40 Women-Led Startups Will Get Mentoring from Google
Google announced they will be launching two cohorts of the Google for Startups accelerator program for women-led startups in India.
Google is focusing on women-led startups because only about 6 percent of all startup funding raised in India goes to female-founded companies. The number goes down to 1.5 percent if you exclude the startups where women have male co-founders.
Google aims to mentor female entrepreneurs and help them hire teams, raise capital, build a community, and network with like-minded business people. Paul Ravindranathan G, program manager, Developer Relations, and head of Google Accelerator at Google India, said:
“In one of the surveys, almost 48 percent of women said that they need access to a better mentor, and we want to solve this. Importantly, there’s nothing like having a peer group that allows you to connect and grow.”
Each cohort will support 20 female entrepreneurs, which means that 40 women in total will get the chance to participate.
This is the first cohort aimed exclusively at women. So far, Google had 6 cohorts, which helped more than 100 companies raise over $2 billion in funding. This created 12,000 jobs. What’s more impressive is that around 10 percent of companies participating in Google’s accelerator program go on to raise $100 million.
The End of Startup Tech Jobs In the UK?
Fresh data shows that the number of tech job listings from UK startups is down 20% in the past three months.
The data comes from the jobs platform Otta. This information goes hand-in-hand with the recent economic downturn. Because of negative predictions, VCs are very cautious with their investments.
We have already seen some of EUs startups begin laying staff, and the Otta data shows they aren’t hiring new employees. For example, Klarna is laying off 10% of its global workers.
The smallest and biggest startups are most affected. Startups with under 21 employees and startups with over 1,000 employed have posted 33% fewer new jobs in the past month and a half.
The recent trend seems to impact startups in the big data and education sectors, followed closely by startups in the AI and blockchain industries.
Cybersecurity and fintech startups are doing a lot better, with a drop in new job postings that’s under 10%.
Otta also reports that the number of roles available for jobseekers is decreasing, but the total number of applications remains the same. This is worrisome for job seekers since there are more people competing for every role than before.
The most affected roles are software engineers and product roles, which saw new job listings drop by 33% and 27%.
This is a huge shift compared to previous months when startups competed with perks and high salaries to attract the most talented workers.
Kraken and Binance Hire More People As The Market Crumbles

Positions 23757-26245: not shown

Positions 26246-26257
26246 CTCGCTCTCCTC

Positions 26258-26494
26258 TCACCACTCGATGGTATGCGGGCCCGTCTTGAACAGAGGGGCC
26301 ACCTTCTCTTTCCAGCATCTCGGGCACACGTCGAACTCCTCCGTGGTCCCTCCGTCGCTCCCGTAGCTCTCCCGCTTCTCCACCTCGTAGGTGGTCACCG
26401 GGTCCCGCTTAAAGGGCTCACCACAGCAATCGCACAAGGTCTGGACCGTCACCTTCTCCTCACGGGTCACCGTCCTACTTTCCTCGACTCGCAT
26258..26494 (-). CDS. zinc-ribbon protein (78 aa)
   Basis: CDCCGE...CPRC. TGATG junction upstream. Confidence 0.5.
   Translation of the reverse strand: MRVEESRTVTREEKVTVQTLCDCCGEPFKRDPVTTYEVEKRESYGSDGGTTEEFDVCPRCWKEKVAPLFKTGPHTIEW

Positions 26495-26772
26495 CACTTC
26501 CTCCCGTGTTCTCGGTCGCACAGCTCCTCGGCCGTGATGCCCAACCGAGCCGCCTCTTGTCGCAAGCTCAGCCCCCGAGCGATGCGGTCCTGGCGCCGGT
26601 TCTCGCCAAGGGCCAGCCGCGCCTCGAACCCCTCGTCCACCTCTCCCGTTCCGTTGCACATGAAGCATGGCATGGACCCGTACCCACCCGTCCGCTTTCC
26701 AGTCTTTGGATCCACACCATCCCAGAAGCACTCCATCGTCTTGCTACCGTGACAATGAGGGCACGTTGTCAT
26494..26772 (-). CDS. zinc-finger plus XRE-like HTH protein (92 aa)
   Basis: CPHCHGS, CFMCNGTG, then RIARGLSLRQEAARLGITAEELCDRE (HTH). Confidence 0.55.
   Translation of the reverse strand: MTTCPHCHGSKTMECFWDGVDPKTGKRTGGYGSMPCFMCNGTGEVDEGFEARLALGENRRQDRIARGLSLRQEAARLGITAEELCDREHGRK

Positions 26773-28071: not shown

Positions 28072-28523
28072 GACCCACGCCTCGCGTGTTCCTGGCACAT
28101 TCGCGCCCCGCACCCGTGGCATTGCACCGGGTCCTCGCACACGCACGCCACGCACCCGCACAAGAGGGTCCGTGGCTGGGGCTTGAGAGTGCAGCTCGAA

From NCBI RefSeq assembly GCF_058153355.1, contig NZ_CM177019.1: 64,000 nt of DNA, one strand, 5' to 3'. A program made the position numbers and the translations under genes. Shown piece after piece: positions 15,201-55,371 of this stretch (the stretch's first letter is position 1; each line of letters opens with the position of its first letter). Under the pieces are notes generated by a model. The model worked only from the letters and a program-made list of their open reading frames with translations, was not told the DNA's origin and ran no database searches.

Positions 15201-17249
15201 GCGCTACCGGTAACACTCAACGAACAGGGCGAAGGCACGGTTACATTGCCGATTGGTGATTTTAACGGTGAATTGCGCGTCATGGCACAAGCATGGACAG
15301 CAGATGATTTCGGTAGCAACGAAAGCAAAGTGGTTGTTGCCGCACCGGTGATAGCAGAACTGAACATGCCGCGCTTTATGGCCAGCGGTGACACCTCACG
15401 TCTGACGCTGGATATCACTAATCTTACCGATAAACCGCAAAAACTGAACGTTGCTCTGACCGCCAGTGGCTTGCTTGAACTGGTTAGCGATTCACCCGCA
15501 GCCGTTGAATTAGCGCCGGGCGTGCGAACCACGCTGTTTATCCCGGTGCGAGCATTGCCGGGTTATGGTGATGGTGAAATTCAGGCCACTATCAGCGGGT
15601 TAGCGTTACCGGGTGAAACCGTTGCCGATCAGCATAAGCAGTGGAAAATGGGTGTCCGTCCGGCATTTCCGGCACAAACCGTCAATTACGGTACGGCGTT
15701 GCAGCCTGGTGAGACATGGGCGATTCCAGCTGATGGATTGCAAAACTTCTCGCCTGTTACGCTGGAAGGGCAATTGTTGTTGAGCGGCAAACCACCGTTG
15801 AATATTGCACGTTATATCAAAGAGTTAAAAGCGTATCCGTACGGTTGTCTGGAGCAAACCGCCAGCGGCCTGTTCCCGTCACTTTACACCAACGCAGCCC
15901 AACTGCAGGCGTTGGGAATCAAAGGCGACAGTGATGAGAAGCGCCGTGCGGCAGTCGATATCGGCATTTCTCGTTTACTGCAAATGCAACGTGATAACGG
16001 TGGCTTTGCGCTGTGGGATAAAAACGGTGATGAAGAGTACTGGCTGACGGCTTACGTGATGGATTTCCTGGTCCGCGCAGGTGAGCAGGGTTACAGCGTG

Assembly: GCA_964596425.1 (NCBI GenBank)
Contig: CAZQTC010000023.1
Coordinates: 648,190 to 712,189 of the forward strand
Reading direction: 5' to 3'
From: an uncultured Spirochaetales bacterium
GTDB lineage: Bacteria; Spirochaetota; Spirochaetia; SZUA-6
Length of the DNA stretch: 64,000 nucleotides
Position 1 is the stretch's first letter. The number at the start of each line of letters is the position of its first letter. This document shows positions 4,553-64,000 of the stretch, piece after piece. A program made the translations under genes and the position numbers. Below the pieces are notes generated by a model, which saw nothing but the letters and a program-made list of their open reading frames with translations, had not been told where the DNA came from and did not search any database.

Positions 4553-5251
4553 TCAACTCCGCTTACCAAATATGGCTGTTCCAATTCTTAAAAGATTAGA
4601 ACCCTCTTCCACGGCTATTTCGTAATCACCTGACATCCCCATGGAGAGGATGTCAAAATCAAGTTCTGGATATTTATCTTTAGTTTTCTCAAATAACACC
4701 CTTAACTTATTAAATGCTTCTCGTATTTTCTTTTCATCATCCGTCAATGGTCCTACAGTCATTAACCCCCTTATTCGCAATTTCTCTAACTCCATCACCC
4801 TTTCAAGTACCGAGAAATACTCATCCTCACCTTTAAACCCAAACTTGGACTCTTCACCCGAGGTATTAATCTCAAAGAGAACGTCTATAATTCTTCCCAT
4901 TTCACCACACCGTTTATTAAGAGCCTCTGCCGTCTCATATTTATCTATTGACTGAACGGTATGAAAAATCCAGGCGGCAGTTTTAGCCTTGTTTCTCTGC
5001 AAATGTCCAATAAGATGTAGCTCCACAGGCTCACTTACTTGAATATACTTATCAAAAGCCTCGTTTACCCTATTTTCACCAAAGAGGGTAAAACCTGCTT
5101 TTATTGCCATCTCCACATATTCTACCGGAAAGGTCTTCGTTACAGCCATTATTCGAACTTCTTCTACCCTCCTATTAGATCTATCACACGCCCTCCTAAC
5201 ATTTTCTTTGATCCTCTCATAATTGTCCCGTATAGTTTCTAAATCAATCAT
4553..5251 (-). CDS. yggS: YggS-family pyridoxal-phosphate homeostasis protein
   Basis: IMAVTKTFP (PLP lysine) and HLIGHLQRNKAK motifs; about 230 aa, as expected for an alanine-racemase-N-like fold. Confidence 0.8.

The cryptocurrency industry is highly volatile. This holds true for the currencies and the trading platforms.
Coinbase, Crypto.com, and Gemini are cutting their employee base. Coinbase had to let go of 18% of its workforce. On the other side of the spectrum, we have crypto trading platforms that seem to be thriving during the turmoil.
Kraken, the fourth largest trading platform in the world, announced they will be filling 500 new roles in 2022.
Binance.Us also showed positive signs as its CEO informed the employees that the platform is growing faster than ever. The entire Binance group is filling 2,000 positions globally, according to the founder and CEO Changpeng Zhao.
How Drugs Get Their Names
Have you ever wondered how Viagra and Lunesta got their names? In the world of naming, pharmaceutical companies occupy a special place. Naming a drug is one of the hardest things in the branding world.
In fact, it’s so complicated that there are naming companies specializing entirely in pharmaceutical naming.
This week, National Geographic published an interesting story that dives deeper into the art and science of pharmaceutical naming.
The U.S. Food and Drug Administration approves 50 new drug brand names every year. There are over 30,000 different drugs in the U.S. Do you want to know how they get their names?
Check out the National Geographic article.
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You can use our product name generator and our health business name generator to create interesting pharmaceutical drug names.
Artificial Intelligence Is Pushing Big Business
Samsara, the IoT manufacturer, surveyed over 1,500 operations leaders to get insights into AI in IoT and Ilot hardware.
The pandemic shook the supply chain and showed the need for increased investments in IoT for organizations with physical operations. Ninety percent of surveyed leaders said they implemented or plan to implement AI automation technologies connected via the IoT.
Stephen Franchetti, Samsara’s CIO, said: “Our research found that 31% of respondents benefited from less time spent on repetitive tasks and 40% higher employee engagement as a result of AI and automation.”
It’s safe to say AI is here to stay.
Bye, Bye Internet Explorer
The Internet Explorer is officially retiring after 27 years in service on the 15th of June. Windows have pushed users toward the Edge browser for a while now, but what’s surprising is that 47% of Windows 10 users still rely on Internet Explorer to access the web.
Often called the ugly-ducking of the web browser world, Internet Explorer was the first major tool that allowed us to access the web.
Today, the web browser market is dominated by Chrome and Safari, which have a 65% and 19% market share, with Google’s Chrome leading the pack.